Boutonnières Made Simple

Boutonnières Made Simple

Boutonnières made simple from Farmhouse38.comSince we had the bouquet how-to, let’s round it out with a boutonnière tutorial. A tutonnière. Sorry. I’m awkward. Sorry.

Boutonnières really are a very simple thing to make–which is awesome, since bouquet-making tends to be fairly taxing on the old creative juices. The bits and pieces of scrap flowers and greens leftover from bouquet-making are the perfect things to make your bouts from. Don’t get too hung up on trying to make your bouts match your bouquets–they only need to reference each other with a few similar materials.

How to make a hand tied bridal bouquet the easy way from Farmhouse38.com
When you strip away the leaves and misc. branches from your bouquet materials, be sure to keep them for use in other small arrangements, boutonnières, and flower crowns. I keep a mason jar with water handy to drop any useable bits into.

It is very important to select really strong, hardy materials for your bouts–as these flowers will be out of water the duration of the event, and are always subject to extensive hug-abuse. You want to pick materials that don’t wilt easy–in fact I highly recommend testing a piece of your prospective materials by leaving them out of water for several hours before you start assembling. Do they get super droopy and flimsy? Pick something that holds its shape better. Marigolds are great, so are roses, and so are a wealth of other flowers and greens.

Much like the bouquets, I would recommend assembling one day prior to the event.

To assemble a simple, single-bloom bout, you will need:

-One large, sturdy bloom (I used a marigold)

-One large, sturdy leaf (I used a scented geranium leaf)

-Light green floral tape

-Baker’s twine

-And don’t forget your boutonnière pins (they come in every color of the rainbow, so be sure to coordinate)

Cut your marigold and leaf so that the stems are about four inches long each (this is much longer than the finished size will be, but there is a method to my madness, I promise). Arrange them so that the blossom sits comfortably atop the leaf, and then wrap the stems tightly with floral tape. Make sure to stretch the floral tape a tiny bit first, this activates the stickiness of it.

Boutonnières Made Simple from Farmhouse38.com
Similar to the bouquet process, only put as much tape on the stems as can be covered by your decorative twine.

Now, tie your baker’s twine just above the top of the tape and wrap it solidly down the stems until it covers the bottom tape edge. Tie a knot, and cut off all loose ends. Take another piece of twine and tie a bow at the top.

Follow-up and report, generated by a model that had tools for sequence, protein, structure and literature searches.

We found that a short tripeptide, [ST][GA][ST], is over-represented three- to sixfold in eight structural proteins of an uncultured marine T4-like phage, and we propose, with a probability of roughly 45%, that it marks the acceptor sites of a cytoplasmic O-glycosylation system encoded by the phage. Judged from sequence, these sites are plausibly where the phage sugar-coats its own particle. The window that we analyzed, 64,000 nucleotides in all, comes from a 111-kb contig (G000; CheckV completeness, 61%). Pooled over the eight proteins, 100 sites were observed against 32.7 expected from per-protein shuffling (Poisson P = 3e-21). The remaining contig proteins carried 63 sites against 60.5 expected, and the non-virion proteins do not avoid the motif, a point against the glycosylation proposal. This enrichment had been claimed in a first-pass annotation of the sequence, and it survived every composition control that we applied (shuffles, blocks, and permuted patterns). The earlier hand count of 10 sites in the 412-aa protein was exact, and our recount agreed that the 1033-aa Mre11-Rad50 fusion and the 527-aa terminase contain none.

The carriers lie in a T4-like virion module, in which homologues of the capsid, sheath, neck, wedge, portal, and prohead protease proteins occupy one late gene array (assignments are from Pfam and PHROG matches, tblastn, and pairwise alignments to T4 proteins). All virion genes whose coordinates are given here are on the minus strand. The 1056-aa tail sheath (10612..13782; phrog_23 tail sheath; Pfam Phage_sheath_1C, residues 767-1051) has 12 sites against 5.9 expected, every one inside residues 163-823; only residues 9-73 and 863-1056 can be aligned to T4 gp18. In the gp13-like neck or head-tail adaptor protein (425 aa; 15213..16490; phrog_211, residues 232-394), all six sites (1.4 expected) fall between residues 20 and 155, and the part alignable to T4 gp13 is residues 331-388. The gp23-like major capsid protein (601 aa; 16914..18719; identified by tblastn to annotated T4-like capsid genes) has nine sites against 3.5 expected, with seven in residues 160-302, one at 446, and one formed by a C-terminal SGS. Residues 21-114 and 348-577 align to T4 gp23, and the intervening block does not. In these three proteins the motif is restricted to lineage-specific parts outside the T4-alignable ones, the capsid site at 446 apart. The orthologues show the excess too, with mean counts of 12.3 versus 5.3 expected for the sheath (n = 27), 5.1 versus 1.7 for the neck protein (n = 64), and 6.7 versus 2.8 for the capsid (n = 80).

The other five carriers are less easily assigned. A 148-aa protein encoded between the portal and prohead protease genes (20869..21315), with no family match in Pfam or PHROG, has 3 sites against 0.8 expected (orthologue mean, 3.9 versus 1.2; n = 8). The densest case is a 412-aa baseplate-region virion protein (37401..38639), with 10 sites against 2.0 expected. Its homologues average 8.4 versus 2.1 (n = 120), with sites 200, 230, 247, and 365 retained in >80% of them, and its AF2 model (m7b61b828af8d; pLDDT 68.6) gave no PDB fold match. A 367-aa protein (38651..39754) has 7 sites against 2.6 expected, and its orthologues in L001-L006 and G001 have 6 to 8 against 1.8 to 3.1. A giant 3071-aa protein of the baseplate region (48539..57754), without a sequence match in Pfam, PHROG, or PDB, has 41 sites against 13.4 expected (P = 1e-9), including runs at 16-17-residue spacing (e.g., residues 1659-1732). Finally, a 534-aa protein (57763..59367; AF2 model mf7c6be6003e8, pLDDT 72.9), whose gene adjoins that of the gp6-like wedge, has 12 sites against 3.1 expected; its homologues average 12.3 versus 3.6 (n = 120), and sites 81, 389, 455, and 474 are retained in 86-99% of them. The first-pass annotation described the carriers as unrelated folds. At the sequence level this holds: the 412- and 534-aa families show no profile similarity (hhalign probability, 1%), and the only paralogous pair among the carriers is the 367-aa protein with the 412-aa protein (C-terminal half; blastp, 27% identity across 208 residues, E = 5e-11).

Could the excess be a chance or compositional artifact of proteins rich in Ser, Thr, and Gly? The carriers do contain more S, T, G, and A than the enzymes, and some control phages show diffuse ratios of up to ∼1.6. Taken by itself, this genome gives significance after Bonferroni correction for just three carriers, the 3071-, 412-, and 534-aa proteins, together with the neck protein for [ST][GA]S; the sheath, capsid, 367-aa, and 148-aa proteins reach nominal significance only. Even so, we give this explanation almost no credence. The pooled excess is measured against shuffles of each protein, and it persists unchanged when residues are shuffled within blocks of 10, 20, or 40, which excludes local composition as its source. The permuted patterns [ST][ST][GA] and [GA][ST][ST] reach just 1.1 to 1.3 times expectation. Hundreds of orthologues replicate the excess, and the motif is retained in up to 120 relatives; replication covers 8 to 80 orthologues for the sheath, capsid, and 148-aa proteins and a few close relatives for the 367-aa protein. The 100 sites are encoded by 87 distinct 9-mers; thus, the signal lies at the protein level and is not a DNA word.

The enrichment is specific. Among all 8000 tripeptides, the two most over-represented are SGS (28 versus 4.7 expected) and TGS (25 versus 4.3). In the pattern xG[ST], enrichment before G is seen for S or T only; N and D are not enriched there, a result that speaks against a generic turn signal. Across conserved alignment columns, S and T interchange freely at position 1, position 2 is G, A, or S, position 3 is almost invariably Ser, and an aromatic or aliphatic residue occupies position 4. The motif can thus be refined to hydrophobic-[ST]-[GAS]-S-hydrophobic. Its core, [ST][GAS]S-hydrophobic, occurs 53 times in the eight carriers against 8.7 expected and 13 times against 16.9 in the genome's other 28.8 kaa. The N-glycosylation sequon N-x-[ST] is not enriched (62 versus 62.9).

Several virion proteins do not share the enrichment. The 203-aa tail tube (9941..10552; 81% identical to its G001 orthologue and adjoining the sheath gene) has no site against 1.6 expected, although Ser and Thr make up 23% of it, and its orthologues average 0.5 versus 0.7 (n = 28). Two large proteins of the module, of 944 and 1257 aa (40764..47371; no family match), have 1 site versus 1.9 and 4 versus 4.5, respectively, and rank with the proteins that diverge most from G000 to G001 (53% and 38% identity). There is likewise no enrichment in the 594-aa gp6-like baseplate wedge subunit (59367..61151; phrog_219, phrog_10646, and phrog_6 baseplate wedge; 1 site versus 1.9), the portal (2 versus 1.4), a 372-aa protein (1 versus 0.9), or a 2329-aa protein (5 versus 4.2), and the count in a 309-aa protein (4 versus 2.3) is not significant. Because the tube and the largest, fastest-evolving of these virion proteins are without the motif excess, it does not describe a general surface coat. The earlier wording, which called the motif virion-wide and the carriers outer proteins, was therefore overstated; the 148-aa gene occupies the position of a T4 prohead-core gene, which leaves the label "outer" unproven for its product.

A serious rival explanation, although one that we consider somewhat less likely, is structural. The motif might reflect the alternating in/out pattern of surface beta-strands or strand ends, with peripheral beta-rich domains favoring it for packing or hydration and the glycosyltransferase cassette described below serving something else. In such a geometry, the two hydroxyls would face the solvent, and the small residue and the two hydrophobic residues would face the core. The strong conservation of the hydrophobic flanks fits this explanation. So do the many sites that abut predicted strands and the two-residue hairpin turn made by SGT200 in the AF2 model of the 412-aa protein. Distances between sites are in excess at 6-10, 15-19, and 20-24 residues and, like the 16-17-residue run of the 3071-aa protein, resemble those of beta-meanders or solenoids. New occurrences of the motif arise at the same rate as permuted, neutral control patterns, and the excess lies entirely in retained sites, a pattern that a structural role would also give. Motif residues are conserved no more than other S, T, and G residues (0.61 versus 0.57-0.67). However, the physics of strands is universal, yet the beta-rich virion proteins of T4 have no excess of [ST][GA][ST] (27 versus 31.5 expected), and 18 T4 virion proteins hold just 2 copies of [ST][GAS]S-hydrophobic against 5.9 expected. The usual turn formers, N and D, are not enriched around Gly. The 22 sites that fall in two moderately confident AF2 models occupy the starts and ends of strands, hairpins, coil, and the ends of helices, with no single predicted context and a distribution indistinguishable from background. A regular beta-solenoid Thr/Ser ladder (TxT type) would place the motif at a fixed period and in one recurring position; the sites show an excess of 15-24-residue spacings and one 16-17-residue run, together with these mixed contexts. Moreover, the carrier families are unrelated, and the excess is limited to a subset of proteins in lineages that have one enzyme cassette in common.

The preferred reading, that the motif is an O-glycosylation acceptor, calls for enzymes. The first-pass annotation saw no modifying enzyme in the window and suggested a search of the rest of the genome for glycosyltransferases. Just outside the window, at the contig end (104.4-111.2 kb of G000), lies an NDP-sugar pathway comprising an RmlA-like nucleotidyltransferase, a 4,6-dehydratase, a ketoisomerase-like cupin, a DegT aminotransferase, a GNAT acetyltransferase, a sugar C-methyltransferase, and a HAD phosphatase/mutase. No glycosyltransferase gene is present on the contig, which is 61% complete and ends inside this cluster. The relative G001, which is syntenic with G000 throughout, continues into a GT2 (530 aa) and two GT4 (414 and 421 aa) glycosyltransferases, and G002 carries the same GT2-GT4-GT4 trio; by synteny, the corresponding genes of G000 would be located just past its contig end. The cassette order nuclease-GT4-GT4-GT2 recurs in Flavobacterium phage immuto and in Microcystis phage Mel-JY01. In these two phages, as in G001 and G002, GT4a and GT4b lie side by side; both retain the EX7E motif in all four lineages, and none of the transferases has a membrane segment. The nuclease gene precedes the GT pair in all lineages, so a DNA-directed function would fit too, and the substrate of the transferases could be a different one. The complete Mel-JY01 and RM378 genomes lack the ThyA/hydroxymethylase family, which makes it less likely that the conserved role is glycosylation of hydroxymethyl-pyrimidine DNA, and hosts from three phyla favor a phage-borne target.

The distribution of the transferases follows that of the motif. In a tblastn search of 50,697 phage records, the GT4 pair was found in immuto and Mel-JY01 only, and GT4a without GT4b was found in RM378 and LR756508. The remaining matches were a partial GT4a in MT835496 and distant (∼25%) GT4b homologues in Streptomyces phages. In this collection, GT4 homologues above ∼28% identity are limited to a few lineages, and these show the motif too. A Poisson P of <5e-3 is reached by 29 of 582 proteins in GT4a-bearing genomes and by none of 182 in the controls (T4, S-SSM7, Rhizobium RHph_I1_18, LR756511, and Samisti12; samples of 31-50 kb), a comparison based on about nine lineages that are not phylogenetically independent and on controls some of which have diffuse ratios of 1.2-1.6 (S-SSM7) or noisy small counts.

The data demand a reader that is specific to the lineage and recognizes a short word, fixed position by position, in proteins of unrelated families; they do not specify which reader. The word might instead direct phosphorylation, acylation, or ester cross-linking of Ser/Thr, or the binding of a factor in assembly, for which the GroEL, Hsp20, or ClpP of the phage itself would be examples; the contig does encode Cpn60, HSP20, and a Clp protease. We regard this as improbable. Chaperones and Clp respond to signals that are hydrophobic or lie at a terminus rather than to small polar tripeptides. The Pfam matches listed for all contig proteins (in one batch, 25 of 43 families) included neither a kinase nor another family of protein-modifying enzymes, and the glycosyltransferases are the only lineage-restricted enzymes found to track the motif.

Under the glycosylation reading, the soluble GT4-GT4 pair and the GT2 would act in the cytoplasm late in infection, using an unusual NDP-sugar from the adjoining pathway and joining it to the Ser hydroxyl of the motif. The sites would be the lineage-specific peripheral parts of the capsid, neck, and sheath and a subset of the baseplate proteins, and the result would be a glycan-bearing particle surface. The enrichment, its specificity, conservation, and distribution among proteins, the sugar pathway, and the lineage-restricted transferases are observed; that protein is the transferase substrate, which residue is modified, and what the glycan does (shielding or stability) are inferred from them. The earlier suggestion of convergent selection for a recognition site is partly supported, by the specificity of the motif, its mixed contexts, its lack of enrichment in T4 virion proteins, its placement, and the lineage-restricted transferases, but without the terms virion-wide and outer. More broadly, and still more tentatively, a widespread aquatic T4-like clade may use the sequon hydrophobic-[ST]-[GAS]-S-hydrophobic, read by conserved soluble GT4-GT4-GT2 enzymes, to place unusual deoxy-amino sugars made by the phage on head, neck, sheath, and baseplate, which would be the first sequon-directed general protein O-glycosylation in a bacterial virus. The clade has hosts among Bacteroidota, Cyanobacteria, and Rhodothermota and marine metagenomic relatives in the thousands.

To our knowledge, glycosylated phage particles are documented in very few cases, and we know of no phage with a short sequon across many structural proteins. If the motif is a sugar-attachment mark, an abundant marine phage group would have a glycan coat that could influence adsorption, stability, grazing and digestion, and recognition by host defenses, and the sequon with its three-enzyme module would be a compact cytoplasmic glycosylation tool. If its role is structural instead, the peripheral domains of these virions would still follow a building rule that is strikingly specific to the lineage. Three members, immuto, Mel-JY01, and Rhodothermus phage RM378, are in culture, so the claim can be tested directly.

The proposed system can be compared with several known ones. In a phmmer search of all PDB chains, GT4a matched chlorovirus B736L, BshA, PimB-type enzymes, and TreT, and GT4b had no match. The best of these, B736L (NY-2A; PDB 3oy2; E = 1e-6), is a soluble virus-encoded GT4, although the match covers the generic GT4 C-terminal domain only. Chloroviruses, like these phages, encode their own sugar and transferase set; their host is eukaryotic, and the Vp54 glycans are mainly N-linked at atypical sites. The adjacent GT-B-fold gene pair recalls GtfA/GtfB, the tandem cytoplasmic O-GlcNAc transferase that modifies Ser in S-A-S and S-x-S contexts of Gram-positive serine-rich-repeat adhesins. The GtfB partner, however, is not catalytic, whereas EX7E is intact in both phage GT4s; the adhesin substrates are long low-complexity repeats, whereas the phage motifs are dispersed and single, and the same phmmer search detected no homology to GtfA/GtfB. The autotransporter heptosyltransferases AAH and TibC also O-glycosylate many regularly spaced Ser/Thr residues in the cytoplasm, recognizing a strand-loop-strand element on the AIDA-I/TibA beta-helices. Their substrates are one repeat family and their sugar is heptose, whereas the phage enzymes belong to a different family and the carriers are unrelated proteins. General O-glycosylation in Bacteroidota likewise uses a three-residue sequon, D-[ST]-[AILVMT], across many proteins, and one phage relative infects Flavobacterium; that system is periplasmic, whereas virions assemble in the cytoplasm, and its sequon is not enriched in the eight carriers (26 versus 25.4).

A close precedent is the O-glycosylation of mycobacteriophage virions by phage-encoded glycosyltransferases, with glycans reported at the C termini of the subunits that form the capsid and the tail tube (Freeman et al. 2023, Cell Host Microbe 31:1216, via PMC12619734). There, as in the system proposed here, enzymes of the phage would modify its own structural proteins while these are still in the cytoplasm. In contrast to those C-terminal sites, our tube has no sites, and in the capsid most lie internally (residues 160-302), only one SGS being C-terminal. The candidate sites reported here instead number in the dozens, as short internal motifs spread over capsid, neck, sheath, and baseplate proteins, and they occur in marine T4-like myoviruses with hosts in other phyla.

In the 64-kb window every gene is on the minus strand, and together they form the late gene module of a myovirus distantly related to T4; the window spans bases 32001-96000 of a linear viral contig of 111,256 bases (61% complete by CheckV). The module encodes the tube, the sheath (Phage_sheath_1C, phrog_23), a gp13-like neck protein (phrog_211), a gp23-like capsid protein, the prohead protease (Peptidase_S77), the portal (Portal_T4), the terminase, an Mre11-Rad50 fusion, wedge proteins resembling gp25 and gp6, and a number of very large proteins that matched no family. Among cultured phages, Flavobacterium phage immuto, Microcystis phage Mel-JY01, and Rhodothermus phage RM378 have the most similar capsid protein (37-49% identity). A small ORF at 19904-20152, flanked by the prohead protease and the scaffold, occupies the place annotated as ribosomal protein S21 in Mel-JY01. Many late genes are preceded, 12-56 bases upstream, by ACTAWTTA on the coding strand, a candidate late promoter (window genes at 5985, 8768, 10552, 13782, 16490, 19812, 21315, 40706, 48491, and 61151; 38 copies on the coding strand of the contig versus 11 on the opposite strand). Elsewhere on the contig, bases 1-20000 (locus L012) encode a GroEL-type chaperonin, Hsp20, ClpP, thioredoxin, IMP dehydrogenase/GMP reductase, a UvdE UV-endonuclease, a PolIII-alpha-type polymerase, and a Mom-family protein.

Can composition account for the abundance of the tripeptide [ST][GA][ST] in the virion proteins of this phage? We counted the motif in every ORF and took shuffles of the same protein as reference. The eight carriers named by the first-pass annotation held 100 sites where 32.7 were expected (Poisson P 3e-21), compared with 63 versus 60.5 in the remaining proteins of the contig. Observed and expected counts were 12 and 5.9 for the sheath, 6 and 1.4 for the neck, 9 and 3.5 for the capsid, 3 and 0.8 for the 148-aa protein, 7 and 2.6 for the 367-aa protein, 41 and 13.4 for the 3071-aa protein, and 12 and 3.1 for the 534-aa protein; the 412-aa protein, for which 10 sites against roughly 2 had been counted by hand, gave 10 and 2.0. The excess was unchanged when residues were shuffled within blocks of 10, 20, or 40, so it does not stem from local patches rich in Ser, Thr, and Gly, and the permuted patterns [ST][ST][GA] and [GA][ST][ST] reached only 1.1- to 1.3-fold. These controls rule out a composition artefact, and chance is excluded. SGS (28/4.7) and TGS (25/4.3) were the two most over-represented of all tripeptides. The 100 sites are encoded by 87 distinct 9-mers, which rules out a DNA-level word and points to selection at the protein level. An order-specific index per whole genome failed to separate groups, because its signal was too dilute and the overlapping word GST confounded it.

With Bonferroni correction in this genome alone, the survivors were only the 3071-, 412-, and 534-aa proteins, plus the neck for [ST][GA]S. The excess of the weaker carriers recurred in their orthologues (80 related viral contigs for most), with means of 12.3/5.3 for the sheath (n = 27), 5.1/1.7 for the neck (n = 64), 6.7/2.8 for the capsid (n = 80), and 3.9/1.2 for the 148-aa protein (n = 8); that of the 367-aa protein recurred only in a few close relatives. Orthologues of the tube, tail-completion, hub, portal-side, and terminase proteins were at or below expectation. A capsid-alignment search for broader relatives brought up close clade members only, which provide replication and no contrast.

Boutonnières made simple by Farmhouse38.com

 

The stems should still be too long. I usually keep them that way until the day of so that they can sit in a shallow bit of water and stay as fresh as possible.

Boutonnières made simple by Farmhouse38.com
Keep the bouts in water in a dark, cool place until they are ready to be cut a few hours prior to the event. They can be laid flat until they are ready to be pinned onto their victims. Don’t forget to label who gets what!

So there you have a very basic, but adorable boutonnière (and frankly, just doing a single bloom is even easier–don’t underestimate it!). But…well…what if you want to get a little more creative? Here’s some inspiration:

Boutonnières made simple by Farmhouse38.com
A sprig of succulent, a petite rose, and some hypericum berries make a nice little shot of color all finished with a wrap of copper wire.
Boutonnières made simple by Farmhouse38.com
Orangey-red gomphrena, yellow goldenrod, and lavender leaves wrapped in paper-covered wire.
Boutonnières made simple by Farmhouse38.com
Orchids are a fantastic choice for bouts, as they hold their shape out of water for a very long time. This cymbidium is pair with green hypericum berries and wrapped completely in raffia-covered wire.
Boutonnières made simple by Farmhouse38.com
More sturdy ingredients include fern shoots, spiky sea holly, and lemon leaf.
Boutonnières made simple by Farmhouse38.com
I’m a huge fan of using non-botanical materials in bouts and bouquets. It’s pretty great to know that they’re not going to wilt. Here we have some feathers tucked behind a bright zinnia, a sprig of eucalyptus, and a few sprigs of caspia. After the tape-wrapping, grey grosgrain ribbon was hot-glued in place, and topped off with a small steel star (also hot-glued into place). This is a good example of how a bout looks when you trim the stems flush with the wrap for a tidier look.
Boutonnières made simple by Farmhouse38.com
Here’s a great example of why labeling your boutonnieres on the day of is so important. Be sure to provide plenty of pins, and always make one or two extra bouts, just in case.

***Things to remember*** 

-Choose the sturdiest materials available to you. Incorporating non-botanicals is a fun way to make sure your bouts don’t droop.

-Keep your materials in water for as long as possible–often this means keeping the stems long and clipping them just before showtime.

-Experiment with added decorations; don’t be afraid to pull out the hot glue gun and glue fun things into the mix. Don’t be tied (see what I did there?) to only finishing off with ribbon: use wire, twine, beads, etc.

-MAKE EXTRAS!!! Accidents happen, and it’s nice to have replacements.

 

 

 

One Comment

  1. Riana

    This is the first time I see flowers like that. There is no in my country Indonesia.

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